Due to the low incidence of liver changes in the 10 and 100 mg/kg bw/day groups and the fact that such changes are commonly found also in untreated rats, these findings were considered to be spontaneous and not treatment-related. According to the authors, due to the severe level of abnormalities seen at 1000 mg/kg bw/day, findings organs of male and female animals seen at this dose level were considered to be treatment-related.

REPRODUCTIVE SYSTEM
- Spermatogenic cell count and morphology: no effects were observed at any dose level.
- Sex hormone levels: in males, no effects were seen on the levels of prolactin, testosterone, follicle stimulating hormone and luteinizing hormone. A very slight but statistically significant and dose-dependent increase in estradiol levels was observed at 10 and 100 mg/kg bw/day. At the same dose levels, a significant decrease in progesterone levels was noted. The toxicological relevance of this finding is unclear, since no corresponding alterations were observed in testes at microscopic examination.
No female data were reported. According to the authors, the hormone levels in females were dramatically changed in accordance with the estrous cycle.
- Estrous cycle: the menstrual cycle period was statistically significantly increased in the 4th week in the 10 mg/kg bw/day group, but this change was not dose-dependent. After the 13th week, no effects were observed.

Applicant's summary and conclusion

Conclusions:
Methyl cyclohexane was tested in a subchronic toxicity study focusing on potential compound-related effects on the reproductive system (see Repeated dose toxicity). Groups of 5 male and female rats were exposed to methylcyclohexane at 10, 100 and 1000 mg/kg bw/day by subcutaneous injections, 5 days/week for 13 weeks. Concurrent vehicle control animals were treated with olive oil.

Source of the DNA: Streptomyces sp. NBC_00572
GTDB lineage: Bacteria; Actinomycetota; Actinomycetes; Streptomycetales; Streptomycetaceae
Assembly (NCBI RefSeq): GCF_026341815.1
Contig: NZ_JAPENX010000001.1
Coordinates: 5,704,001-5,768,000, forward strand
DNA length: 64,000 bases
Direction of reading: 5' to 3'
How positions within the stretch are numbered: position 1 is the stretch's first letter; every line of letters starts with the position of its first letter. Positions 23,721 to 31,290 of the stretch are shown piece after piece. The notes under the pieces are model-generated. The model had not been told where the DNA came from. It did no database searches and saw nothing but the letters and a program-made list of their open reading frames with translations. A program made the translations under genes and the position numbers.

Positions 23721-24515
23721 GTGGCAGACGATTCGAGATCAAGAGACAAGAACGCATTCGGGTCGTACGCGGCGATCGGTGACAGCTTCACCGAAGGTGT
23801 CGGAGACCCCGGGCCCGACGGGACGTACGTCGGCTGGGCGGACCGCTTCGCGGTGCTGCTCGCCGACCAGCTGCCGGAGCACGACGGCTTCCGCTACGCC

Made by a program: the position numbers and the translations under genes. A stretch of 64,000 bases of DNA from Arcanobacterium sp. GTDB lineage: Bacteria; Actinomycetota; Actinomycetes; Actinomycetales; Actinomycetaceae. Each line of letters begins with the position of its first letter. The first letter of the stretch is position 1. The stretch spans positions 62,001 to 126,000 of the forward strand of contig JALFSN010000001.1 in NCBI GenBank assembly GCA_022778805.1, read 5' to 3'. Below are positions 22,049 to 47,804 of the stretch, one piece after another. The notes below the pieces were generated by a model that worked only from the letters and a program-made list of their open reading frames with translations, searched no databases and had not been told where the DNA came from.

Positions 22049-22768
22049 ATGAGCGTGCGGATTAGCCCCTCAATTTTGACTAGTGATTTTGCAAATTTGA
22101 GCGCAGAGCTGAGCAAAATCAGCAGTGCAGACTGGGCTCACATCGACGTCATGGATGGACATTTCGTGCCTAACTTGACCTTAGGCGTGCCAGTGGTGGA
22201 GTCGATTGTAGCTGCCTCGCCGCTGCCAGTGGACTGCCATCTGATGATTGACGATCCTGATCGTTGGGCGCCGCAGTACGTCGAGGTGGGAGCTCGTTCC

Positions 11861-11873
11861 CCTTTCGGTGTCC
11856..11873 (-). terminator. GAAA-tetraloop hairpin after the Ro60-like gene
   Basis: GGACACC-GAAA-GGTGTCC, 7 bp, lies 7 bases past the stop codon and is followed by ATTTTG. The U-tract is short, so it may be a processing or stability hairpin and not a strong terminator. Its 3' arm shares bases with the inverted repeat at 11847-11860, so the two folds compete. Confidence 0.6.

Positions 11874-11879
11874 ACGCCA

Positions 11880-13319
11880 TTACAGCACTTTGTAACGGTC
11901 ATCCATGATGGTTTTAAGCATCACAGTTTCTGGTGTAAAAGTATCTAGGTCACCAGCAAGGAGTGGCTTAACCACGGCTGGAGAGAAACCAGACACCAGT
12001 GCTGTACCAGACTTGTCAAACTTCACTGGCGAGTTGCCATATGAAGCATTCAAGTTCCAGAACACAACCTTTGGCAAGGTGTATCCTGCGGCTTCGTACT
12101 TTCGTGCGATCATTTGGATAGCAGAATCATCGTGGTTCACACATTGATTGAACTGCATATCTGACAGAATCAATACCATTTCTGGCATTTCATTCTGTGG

In regard to effects on reproductive organs, no changes in organ weights were observed in male and female animals dosed at 10, 100 and 1000 mg/kg bw/day, except for a decrease in the weight of ovaries in the high-dose female group.
No effects were observed in spermatogenic cell count and morphology at any dose level. In males, no effects were seen on the levels of prolactin, testosterone, follicle stimulating hormone and luteinizing hormone. A very slight but statistically significant and dose-dependent increase in estradiol levels was observed at 10 and 100 mg/kg bw/day. At the same dose levels, a significant decrease in progesterone levels was noted. The toxicological relevance of this finding is unclear, since no corresponding alterations were observed in testes at microscopic examination. No female data were reported. According to the authors, the hormone levels in females were dramatically changed in accordance with the estrous cycle. The menstrual cycle period was statistically significantly increased in the 4th week in the 10 mg/kg bw/day group, but this change was not dose-dependent. After the 13th week, no effects were observed.
The NOAEL for systemic toxicity was 100 mg/kg bw/day (see Repeated dose toxicity), while the NOAEL for effects on reproductive organs was 1000 mg/kg bw/day based on the reported findings.